upon him. Ever since, even while he lives, O Saviour, while thou spakest to thy the whole body is covered; but the face, Father, thou liftedst up thine eyes; now because some sparks of that extinct mathou art to speak unto dead Lazarus, thou jesty remain there, is wont to be left open. liftedst up thy voice, and criedst aloud, In death, all those poor remainders being “ Lazarus, come forth.” Was it that the gone, and leaving deformity and ghastliness strength of the voice might answer to the in the room of them, the face is covered strength of the affection ? since we faintly also. require what we care not to obtain, and! There lies Lazarus, bound in double fetvehemently utter what we earnestly desire : ters : one almighty word hath loosed both, was it, that the greatness of the voice might and now, “he that was bound came forth." answer to the greatness of the work? was He whose power could not be hindered by it, that the hearers might be witnesses of the chains of death, cannot be hindered by what words were used in so miraculous linen bands; he that gave life, gave motion, an act — no magical incantations, but au- gave direction; he that guided the soul of thoritative and divine commands ? was it to | Lazarus into the body, guided the body of signify, that Lazarus' soul was called from Lazarus without his eyes, moved the feet far? the speech must be loud that shall be without the full liberty of his regular paces: heard in another world : was it in relation | no doubt, the same power slackened those to the estate of the body of Lazarus, whom swathing bands of death, that the feet might thou hadst reported to sleep? since those have some little scope to move, though not that are in a deep and dead sleep cannot with that freedom that followed after. Thou be awaked without a loud call : or was it didst not only, O Saviour, raise the body in a representation of that loud voice of the of Lazarus, but the faith of the beholders. last trumpet, which shall sound into all They cannot deny him dead, whom they graves, and raise all flesh from their dust? saw rising: they see the signs of death,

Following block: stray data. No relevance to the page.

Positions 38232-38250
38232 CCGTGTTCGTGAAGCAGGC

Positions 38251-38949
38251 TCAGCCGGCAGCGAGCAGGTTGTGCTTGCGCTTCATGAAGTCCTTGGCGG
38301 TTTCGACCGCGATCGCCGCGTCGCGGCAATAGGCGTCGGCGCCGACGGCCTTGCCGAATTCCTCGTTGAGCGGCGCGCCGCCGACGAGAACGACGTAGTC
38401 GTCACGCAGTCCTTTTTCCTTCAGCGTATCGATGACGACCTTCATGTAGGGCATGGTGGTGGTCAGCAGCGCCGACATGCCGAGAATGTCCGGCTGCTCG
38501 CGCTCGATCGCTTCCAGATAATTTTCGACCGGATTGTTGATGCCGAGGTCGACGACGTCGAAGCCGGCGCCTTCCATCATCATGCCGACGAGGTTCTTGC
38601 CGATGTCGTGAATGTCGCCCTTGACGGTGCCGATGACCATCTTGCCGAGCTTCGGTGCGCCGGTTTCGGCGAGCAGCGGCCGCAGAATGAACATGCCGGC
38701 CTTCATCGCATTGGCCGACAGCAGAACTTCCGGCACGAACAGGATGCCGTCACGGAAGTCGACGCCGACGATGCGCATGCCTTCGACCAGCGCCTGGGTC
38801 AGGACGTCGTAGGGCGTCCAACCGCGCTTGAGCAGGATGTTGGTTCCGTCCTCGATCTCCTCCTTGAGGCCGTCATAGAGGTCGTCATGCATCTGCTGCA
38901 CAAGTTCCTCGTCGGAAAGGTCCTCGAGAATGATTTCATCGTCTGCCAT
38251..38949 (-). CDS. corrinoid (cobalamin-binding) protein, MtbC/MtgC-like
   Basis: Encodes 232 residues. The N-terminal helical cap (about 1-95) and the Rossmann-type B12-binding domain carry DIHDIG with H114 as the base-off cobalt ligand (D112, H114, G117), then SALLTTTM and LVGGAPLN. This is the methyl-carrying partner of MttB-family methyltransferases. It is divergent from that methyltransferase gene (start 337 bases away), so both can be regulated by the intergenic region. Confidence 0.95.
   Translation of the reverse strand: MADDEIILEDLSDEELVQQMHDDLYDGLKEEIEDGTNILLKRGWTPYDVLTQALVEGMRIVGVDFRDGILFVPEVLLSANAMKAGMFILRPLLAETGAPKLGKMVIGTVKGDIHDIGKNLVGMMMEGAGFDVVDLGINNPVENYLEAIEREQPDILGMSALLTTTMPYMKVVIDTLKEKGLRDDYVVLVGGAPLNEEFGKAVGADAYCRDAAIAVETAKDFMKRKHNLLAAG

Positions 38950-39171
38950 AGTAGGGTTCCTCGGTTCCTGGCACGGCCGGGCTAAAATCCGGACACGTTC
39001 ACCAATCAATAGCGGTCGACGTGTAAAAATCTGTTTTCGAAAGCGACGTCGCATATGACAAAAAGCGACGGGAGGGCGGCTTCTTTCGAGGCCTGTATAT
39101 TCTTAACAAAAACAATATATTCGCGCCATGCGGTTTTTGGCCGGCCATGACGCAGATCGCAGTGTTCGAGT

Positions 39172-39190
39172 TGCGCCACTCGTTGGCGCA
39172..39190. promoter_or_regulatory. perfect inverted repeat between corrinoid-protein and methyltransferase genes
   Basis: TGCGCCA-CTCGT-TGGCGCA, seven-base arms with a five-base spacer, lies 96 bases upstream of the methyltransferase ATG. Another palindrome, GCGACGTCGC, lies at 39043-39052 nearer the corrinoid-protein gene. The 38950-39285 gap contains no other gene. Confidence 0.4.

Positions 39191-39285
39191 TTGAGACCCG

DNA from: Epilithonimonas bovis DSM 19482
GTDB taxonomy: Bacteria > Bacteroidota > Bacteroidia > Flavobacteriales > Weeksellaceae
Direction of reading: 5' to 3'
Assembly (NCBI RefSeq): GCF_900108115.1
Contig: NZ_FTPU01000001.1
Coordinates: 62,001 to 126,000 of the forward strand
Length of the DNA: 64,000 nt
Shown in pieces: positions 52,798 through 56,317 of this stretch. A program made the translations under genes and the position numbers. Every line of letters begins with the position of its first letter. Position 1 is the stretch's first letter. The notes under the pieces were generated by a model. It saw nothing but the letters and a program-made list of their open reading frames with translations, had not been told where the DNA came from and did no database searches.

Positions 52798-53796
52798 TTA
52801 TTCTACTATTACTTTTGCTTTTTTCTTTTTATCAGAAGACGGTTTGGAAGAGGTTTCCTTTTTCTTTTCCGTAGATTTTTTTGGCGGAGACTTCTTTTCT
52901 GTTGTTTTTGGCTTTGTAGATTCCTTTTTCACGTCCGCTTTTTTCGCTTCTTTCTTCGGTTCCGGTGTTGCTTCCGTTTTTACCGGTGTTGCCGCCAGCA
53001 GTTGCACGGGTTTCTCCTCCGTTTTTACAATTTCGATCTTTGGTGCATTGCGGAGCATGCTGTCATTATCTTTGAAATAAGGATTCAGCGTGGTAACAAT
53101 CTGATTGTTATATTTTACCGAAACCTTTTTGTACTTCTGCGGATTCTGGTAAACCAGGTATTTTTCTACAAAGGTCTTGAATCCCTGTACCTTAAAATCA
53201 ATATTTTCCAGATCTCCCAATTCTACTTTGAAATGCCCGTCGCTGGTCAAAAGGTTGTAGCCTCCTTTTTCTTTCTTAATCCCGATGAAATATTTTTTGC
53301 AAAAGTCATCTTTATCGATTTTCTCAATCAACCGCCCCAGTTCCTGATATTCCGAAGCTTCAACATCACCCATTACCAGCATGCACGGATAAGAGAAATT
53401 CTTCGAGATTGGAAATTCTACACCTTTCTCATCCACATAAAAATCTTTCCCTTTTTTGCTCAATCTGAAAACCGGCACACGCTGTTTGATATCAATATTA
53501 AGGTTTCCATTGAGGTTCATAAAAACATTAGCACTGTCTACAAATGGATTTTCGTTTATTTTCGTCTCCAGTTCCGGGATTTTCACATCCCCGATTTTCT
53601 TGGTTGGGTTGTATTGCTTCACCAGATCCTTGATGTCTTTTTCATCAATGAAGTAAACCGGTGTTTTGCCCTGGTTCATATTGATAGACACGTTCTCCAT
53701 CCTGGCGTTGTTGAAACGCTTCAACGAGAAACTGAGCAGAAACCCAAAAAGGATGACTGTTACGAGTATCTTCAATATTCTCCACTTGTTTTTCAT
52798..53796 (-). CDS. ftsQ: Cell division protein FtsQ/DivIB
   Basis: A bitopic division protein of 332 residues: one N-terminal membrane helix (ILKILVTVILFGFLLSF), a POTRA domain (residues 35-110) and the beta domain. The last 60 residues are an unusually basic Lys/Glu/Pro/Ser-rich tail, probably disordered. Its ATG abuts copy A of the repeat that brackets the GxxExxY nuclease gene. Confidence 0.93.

Even so still, Lord, when thou wouldst with the proofs of life; those very swathes
convinced him to be the man that was Taised. They less miracle confirms the COSTEMPLATION XXV.- CHEIST'S PROCES greater; both confirm the faith of the be.